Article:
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Westbrook, Minnesota
October 17, 1990     Sentinel Tribune
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October 17, 1990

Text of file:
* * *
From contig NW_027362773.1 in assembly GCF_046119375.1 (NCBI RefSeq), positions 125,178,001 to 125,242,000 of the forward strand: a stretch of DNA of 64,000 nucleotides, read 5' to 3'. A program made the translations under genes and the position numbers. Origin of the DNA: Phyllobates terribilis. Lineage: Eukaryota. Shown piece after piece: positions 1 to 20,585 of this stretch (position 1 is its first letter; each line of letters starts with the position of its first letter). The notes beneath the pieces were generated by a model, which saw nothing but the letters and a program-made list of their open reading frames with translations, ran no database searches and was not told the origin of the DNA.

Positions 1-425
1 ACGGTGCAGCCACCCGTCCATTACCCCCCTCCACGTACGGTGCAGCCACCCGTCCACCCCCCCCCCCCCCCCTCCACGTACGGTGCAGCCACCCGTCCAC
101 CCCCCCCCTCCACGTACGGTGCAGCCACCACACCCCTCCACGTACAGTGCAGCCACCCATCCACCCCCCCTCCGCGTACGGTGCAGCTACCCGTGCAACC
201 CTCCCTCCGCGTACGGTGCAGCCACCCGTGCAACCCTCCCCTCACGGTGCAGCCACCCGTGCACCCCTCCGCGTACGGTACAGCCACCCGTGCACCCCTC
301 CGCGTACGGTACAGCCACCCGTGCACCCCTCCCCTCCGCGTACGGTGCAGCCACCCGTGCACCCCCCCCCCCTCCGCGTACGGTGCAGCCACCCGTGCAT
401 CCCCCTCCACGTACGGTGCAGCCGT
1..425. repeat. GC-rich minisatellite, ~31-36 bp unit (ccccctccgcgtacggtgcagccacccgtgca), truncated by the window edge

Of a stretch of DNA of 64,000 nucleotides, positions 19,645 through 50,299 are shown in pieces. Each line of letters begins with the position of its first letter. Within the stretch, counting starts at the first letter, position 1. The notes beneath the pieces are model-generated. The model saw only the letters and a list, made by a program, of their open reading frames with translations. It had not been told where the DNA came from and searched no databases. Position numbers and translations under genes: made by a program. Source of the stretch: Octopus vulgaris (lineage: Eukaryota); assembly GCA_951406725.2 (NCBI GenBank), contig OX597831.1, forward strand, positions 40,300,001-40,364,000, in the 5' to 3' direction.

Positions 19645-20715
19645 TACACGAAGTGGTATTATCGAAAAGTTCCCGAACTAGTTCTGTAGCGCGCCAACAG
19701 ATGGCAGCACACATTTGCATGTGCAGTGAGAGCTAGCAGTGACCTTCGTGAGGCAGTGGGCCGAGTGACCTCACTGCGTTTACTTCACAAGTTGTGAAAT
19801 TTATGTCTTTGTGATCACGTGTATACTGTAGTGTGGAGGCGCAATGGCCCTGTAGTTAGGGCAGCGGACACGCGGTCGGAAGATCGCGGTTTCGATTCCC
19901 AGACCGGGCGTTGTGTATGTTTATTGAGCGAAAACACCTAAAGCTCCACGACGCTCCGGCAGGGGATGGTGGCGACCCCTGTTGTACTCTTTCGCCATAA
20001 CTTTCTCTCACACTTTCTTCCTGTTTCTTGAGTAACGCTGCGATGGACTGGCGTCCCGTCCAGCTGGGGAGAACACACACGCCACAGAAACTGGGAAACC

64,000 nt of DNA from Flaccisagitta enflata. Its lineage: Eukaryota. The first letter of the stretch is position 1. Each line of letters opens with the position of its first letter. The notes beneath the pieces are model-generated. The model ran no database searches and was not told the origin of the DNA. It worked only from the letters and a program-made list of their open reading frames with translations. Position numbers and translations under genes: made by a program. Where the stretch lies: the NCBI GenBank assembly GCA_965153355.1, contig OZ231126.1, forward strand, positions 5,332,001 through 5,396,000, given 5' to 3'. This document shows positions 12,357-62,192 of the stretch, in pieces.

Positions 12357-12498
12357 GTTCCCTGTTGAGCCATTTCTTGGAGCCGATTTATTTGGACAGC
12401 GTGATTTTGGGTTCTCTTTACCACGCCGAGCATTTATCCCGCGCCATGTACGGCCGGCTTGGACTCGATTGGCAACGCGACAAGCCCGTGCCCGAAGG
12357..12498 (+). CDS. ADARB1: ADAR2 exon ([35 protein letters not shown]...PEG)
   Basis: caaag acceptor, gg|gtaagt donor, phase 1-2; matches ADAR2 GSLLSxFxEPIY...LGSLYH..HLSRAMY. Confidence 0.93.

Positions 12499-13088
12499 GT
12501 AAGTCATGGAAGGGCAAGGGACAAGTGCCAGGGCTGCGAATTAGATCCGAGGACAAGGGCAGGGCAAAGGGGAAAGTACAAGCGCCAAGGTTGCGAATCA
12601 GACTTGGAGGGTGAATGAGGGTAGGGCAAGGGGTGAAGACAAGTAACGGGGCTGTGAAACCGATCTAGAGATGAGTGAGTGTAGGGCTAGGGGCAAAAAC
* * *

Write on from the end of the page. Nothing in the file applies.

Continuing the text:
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{ey Mattison wins 2nd in Poppy Poster Contest r, 1990 ~LNUT GROVE--At the -" ~r meeting of the Redwood y American Legion and dry on Thursday, October the Walnut Grove Legion rooms, Walnut Grove dry President, Rhae Baker : 0unty Auxiliary President, z Neperman, Lamberton, ballOqed Carey Mattison with a , auntyl [,ace certificate from the for his poster entered in the LrmerS ppy Poster Contest. ce as ey, on of Butch and Roane If a of Revere, placed first in nform l Poppy Poster Contest in eligi I-lis poster was then entered she s . istrict contest where it was t comad in June. Carey placed y offiq for his poster in the district uires presented -with a ded 01icate acknowledging his l lishment. !on, members from surrounding mctU od County American ,min Posts and Auxiliaries WALNUT GROVE--Redwood County American Legion ree elled the October 11 meeting. Auxiliary President, Norma Neperman and Rhea Baker, local J.ppoaJroup was entertained by Legion Auxiliary president, presented Carey Mattison with his mn t 's Girls, who were a huge award for his accomplishments in the 1990 American Legion Lo ld bed' Poppy Contest. ST Photo. veredl la%fessional Nutritionist -- Swine, ectio puter program available Ice, mdiC ulating swine diets that are c. n c lonally balanced and minimal :m SQ st is the function of a be program now available e. F .gh the Minnesota Extension urgt ,e rs of program is called ssional Nutritionist--Swine. It igned for users who have a knowledge of the of nutrition, dietetics of and procedures for diets based on cost Users might include producers, nutritionists, consultants, county agents, vocational instructors and feed program, which was by the University of Department of Animal Lee and Educational System, allows users two tasks. One is to estimate the nutrients content of diets (the analysis function); the other is to formulate swine diets using a cost- minimization procedure (the least cost function). For each of these tasks, the program incorporates recommended nutrient levels and ingredient limitations to assure a sound diet. The program operates on IBM PCs or compatible computers with at least 256K RAM memory. Cost of the Professional Nutritionist--Swine computer program is $300. It can be ordered through county extension offices in Minnesota. Or it can be ordered by sending a check for $300 (Minnesota residents should add 6 percent sales tax) to the Distribution Center, 3 Coffey Hall, 1420 Eckles Ave University of Minnesota, St. Paul, MN 55108. Request item AG-CS-3436, and make checks payable to the University of Minnesota. is National Family ity Education month ----~ns the second in a series of les devoted to "October.- ily Sexuality Education lh", written by members of Cottonwood County scent Pregnancy tion Committee. Esteem Ray Parks look at life through the lens concept, how we see ourself way we see the world and in our world. zf .- ' eause of the low self concept, to think that our worth is 9 . otdh so we begin to associate omers of the same low self ~. People with a low self Ik,- rn will gravRate towards , ot the same percention of /ou. "Selves and of life. "- dr self-esteem is very }rtant, it is the basis upon -h we build our lives. This is .one of the reasons why it is so se to begin to work on our COncept, that we may have a lfoundation:. to build from. i perf. may ask "Where did our mLac.ept come from?" We tnxn with it, our self-esteem ufure given to us through our rots and many different !tions that have happened in rorOt'ormative years of our lives. ),e times the parent sof child as a "dummy -.l is is ms. a picture in the child's d" that this is what the are. , on letimes a coach calls oneYof the mbers "clumsy" and so Eew times of hearing this the other team members it up, he begins [umsy. s start with asking ourself the question, "What is the view of our own worth?" If we can see our worth equal to or as good as others, we have half the battle won. So of, ten one with'low self-esteem sees themselves not worthy of anything better and so they are willing to settte-for less. This can be changed and each person has the power to change this by the way they talk to themselves. Remember, what you see about yourself, will determine how you will see others and the situation that you are in. Everything we view, is through the way we see ourself. The more positive we see ourself, the more positive we will see life in general. Now we don't have to live with the story of the facts that we were told about ourself, but we can change our thinking of ourself as someone worthy, as someone loveable, valuable, forgivable and a changeable person. We determine our own happiness by how we talk to ourself, nothing or no one else can make you happy, we have the power to become happy within ourself by the way we talk to ourself. Many times this will take the help of a trained counselor to help you see the steps that must be taken to become a happy person in life. A low self-esteem person will think that some future event will make them happy, or that it is someone else's fault for them not being happy. This is where so many of our young people get themselves into trouble by thinking that happiness comes through someone else and when that person fails them, they end up with a lower self-esteem and sometimes For Cottonwood County Attorney t or Continued experience and dedication to serve all of Cottonwood County I VOTE McDON/U D ON NOV. 6! Your support & vote IS & WILL BE appreciated: PrePared & paid for by the candidate on his own behalf. despair. There is help, you don't have to suffer with low self- esteem, seek help from your Pastor, or a trained counselor. The issue of happiness is too important to be left alone and not dealt with. Secondly, no one can change the way we feel and think about yourself and about life, but yourself, Let's start, by thinking on only the good things in life. You can choose to be happy or keep living in misery, it all depends on how you see yourself and how you keep talking to yourself. Don't say that you can't change, for if you do, you won't be able to change. See yourself as a changeable person, one that begins to see yourself differently. We have the power to determine the difference in our own future, if we are willing to deal with what we feed our minds. Each of us has within ourself an undiscovered world of divine potential. The good news is that you don't have to stay the way you are. If it's huge & white, don't shoot If it is bigger than a Canada goose and is all white except for the feet and bill, don't shoot! Jol' Schladweifler, Nongame Wildlife Specialist for the Department of Natural Resources at New Ulm, urges" waterfowl hunters to be on the look-out for trumpeter swans during the 1990 waterfowl season. "It is conceivable that an inexperienced hunter might mistake a trumpeter swan for a goose," Schladweiler acknowledged, "although it's hard to do." Trumpeter swans, a protected species, weigh between 20 and 38 pounds and have six to eight-foot wing spans. Snow geese, which are also white in color, have black wing tip and weigh only four to six and one-half pounds. They have wing spans of only three and one- half feet. Additionally, most trumpeters have an orange tag on a wing or a yellow neck collar. Since 1986, the DNR has been involved in an effort to re- introduce trumpeter swans to Minnesota, an area where they were once common. Trumpeter swans have been released at locations in Minnesota the past four years and it is estimated there were slightly over 100 of the birds in Minnesota this summer. "The trumpeters will be on the move now as they begin migrating south," Schladweiler said. "We're asking hunters to be aware of them and to report any sightings. If possible, try to verify the tag number and please note the date and location of the sighting. We really depend on the public to help track the birds." Schladweiler also reminds hunters that there could also be Tundra swans movJ~g about in Minnesota. Tundras arc not quite as large as trumpeters but arc otherwise similar in appearance. Tundras, however, do not bear the ()range wing tags or yellow collars. Anyone who sees a trumpeter swan may report it by calling Schladweilcr at 507-359-6000 or contact an), area DNR office. Sightings can also be reported by calling the Section of Wildlife in St. Paul at 612-2%-3344. Snow Molds Don't put that lawn mower or rake into storage too soon. Lawns need to be mowed at their regular height as long as they cohtinue u) grow and heavy accumulations of tree leaves need to be raked up. If the lawn is allowed to grow too tall the leaf blades will mat down during the snowy weather creating good conditions for the development of snow mold fungi. Unraked leaves will mat down with the same result. Several groups of fungi cause snow molds, They, become apparent in the spring as the snow melts but may have been there all winter long. The most common are the gray and pink snow molds. They can bc distinguished by their symptoms and develop under slightly different conditions. Gray snow mold damage first appears when the snow is melting. Roughly circular patches 2 to 40 inches or more in diameter develop. These patches are straw colored and enlarge as long as the grass remains cold and wet from melting snow. The grass in the patches will have a matted appearance and may have a visible gray colored mold growth on the whole patch or just on the margins. Pink snow mold produces yellowish patches .several inches to a foot in diameter and also appears when the snow begins to melt. The patches will continue to enlarge as long as the weather is good and the grass is wet. The patches may take on a bleached appearance when dry or a faint pink color when wet. These two snow mold diseases do not occur every year but are most apt to occur in a year when an early or deep snow cover prevents the ground from freezing. A cold open winter like last year will not promote snow mold but may cause winter injury, with patches of grass dying because the crowns are killed by freezing and/or drying. Proper lawn management will reduce the danger of snow molds. Keep the lawn mowed this fall and rake up tree leaves. Avoid excessive fertilization especially in September. Next spring lightly rake any areas where snow molds ,are found to encourage dry ng. No chemicals are neces ry. SENTINEL & TRIBUNE Walnut Grove - Westbrook, MN - Wednesday, October 17, 1990 CRP Payments Much has been written in recent weeks about CRP rental payments, much of it contradictory, depending on where it was published or who was being quoted. The facts are these: * The Office of Management and Budget did .sequester the CRP program for FY 1991 (as it did in FY 1990, when no reduction was ultimately necessary because of excess carryover funds). * Until the budget agreement was announced September 30, the possibility of a reduction was very real. In fact, until legislation to implement the budget agreement is law, and final FY 1991 appropriations are in place, full payment cannot be guaranteed. * PaymenLs cannot be made on October 1 because we must wait for the final CRP appropriation to be enacted. We anticipate that this may occur about October 20. Following enactment, the law requires that the funds be apportioned by OMB. While no problems are anticipated, we must deal with these procedural hurdles. * ASCS regrets the necessary delay of these important payments and hopes to make 100% of payments due, possible as early as November 1. LIEN COPIES Any copies for liens totaling more than 5 in number will be charged an additional 50 cents per copy to cover costs assessed by the County Recorder's Office. INTEREST RATE The Commodity Credit Corporation borrowing rate for the month of October is 7 7/8%. WllEAT SET-ASIDE FOR 1991 Wheat set-aside for 1991 is set at 15%. Further details will be provided once the 1991 Food Security Act is passed. Walnut Grove Community Education Persons interested in Adult Winter 1990 Classes! Please register at Superintendent Orlyn Wiemer's office soon. A minimum of ten persons per class is needed to offer the classes. Reliable instructors will be obtained, to conduct the classes. Phone No. 859-2141. Mabel Mi~hke Coordinator FOR SALE Brenda Knudson Home 642 Ash Ave Westbrook, MN. 2 bedroom, remodeled 1989, excellent condition, very inexpensive to heat. Assumable contract for deed for qualified buyer. PRICE REDUCED! Phone 274-5962 Westbrook, Mn. ~ ~ STEVE SEVERSON III SEN. DAVE FREDERICKSON said four years ago that he would be "a strong rural leader". The voters of Senate District 20 decided to give Dave a chance to prove himself-- and he has. Kerkhoven ~-- .-. --- DAVE FREDERICKSON received the 'Freshman of the Year' Award in 1987 for his long and hard batde w promote ETHANOL! SENATOR DAVE, FREDERICKSON, District 20, serves on these committees: .Agriculture and Rural Development Education .Education Finance .Govea'nmental Operations Local and Urban Government -Chairman: Rural Development Subcommittee -Vice Chairman: Agricaltme and Rural Development Lamberton ON NOV. 6TH VOTE TO { DISTRICT 20 STATE SENATOR PI~ fog by Fri i~l Of fl'td~l~d lton Vc~J~r Comn1~tlt~; Fldo~ Hlm~, l"l~ast~l~lr, Kel~ fL ~hlll~|olJI